In one of the first molecular studies of the human antibody response to yellow fever, Howard Hughes Medical Institute (HHMI) researchers and their colleagues have found the crucial bit of virus that people's immune systems need to spot and quash this often-fatal re-emerging disease.
The findings may help scientists improve the existing vaccine, which has rare but severe side effects, said Jan ter Meulen, an HHMI international research scholar and associate professor of virology at Leiden University Medical Center in The Netherlands.
The group has identified a specific region on one of the viral proteins that elicits an immune response. Antibodies produced by the immune system interact with this part of the protein, known as a neutralizing epitope, to fight off infection.
To protect people from the disease, yellow fever vaccines must contain this essential fragment of instruction to the immune system, said ter Meulen, senior author of a study published in the July 5, 2005, issue of the journal Virology and published early online.
These days, the horror of Ebola or Marburg hemorrhagic fever grabs more attention, but yellow fever is the original viral hemorrhagic fever. It strikes more than 200,000 people a year, mostly in Africa, killing about 30,000 of them, the World Health Organization estimates. No drug treatment is effective against the virus.
Since yellow fever is spread by mosquitoes, much of America has been safe from the disease thanks to control efforts aimed at the insects and a highly effective vaccine that has been available for 60 years. Vaccination is the key strategy for people living in and traveling to tropical Africa, South America, and several Caribbean Islands, where yellow fever is endemic.
In the last 20 years, however, yellow fever has been on the rise, mostly due to the lapse of immunization programs in high risk areas. More recently, serious and potentially fatal side effects from the vaccine have been reported, mainly in elderly persons in northern Europe.
"Yellow fever research was neglected because the vaccine was so effective," ter Meulen said. "Medical science works in cycles. As soon as the problem is solved, the caravan moves on. Once the disease comes back, people realize they are lacking certain information.”
To learn more about the immune response and to identify the necessary components of an improved vaccine, ter Meulen turned to survivors of acute yellow fever in the Republic of Guinea in West Africa. Along the war-torn border with Sierra Leone, disruptions in vaccination and medical services led to a large epidemic in 2000. In collaboration with local health authorities, ter Meulen set up a viral hemorrhagic fever laboratory in Conakry to collect and evaluate blood samples from patients.
In people, the mosquito-borne virus incubates for three to six days. Initial flu-like symptoms are followed by a brief remission of up to a day. Then, about 15 percent of people suffer more dangerous complications— jaundice, liver, kidney, and heart damage, and bleeding from the mouth, nose, eyes or stomach. At that stage, ter Meulen and colleagues reported last year in the Journal of Infectious Diseases, a person's own immune system, disrupted by its reaction to yellow fever virus infection, may lead to death rather than recovery.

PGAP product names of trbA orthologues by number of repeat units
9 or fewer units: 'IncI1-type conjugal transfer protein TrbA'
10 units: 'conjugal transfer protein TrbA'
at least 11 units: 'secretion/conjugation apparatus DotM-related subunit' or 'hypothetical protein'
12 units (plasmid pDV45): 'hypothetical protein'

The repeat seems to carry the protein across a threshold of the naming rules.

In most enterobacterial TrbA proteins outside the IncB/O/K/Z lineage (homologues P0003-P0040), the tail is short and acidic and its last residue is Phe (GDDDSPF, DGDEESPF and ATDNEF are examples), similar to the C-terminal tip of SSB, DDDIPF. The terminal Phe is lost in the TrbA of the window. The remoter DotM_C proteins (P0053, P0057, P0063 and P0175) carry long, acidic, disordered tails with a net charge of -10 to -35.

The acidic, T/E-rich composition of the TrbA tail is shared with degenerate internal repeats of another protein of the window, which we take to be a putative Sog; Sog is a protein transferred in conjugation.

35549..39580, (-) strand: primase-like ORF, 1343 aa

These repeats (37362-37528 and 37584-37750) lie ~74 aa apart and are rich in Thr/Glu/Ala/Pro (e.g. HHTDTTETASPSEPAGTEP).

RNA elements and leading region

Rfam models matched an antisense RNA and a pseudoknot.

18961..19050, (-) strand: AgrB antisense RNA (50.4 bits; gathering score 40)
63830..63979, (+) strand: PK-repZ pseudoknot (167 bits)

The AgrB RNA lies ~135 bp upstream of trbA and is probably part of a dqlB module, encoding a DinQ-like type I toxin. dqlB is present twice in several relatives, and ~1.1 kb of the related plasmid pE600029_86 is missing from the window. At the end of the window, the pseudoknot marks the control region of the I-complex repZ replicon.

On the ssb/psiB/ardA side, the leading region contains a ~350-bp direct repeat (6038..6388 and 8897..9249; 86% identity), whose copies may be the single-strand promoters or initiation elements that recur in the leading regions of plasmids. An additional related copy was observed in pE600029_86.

The most recent study was led by Stephane Daffis, a graduate student at Philipps-Universitat in Marburg, Germany. Using blood samples from two yellow fever patients who had recovered, and sophisticated molecular techniques, the researchers generated a library of the millions of specialized antibodies that made up their immune repertoires.
Then they screened the libraries with a vaccine strain of yellow fever. Four of the antibodies neutralized yellow fever. Genetic analysis showed they all homed in on one particular part of the protein coating the virus. The epitope is called E-71, signifying its address on the envelope protein. Several other amino acids in another section of the folded protein contributed to the neutralization.
Yellow fever virus—and its flavivirus cousins, including dengue and West Nile—look like balls covered by approximately 100 cross-hatched pairs of envelope proteins lying on the surface. The prongs of Y-shaped antibodies against yellow fever likely span the pairs by grabbing the essential epitope on one and the supporting amino acids on the other, ter Meulen speculates. The findings may apply to the whole flavivirus family.
The results confirm and extend similar studies in mice, but the human antibody-virus binding configuration looks more complex, ter Meulen said.
In theory, the crucial antibodies, which have been cloned, could be used for prophylactic protection after suspected exposure, or for therapy, but ter Meulen does not think that pharmaceutical companies are likely to take this approach. More realistically, he said, the findings could help manufacturers design a more consistent vaccine based on recombinant genetic technology, without the potential side effects from variations of the weakened virus strain now grown in fertilized chicken eggs.
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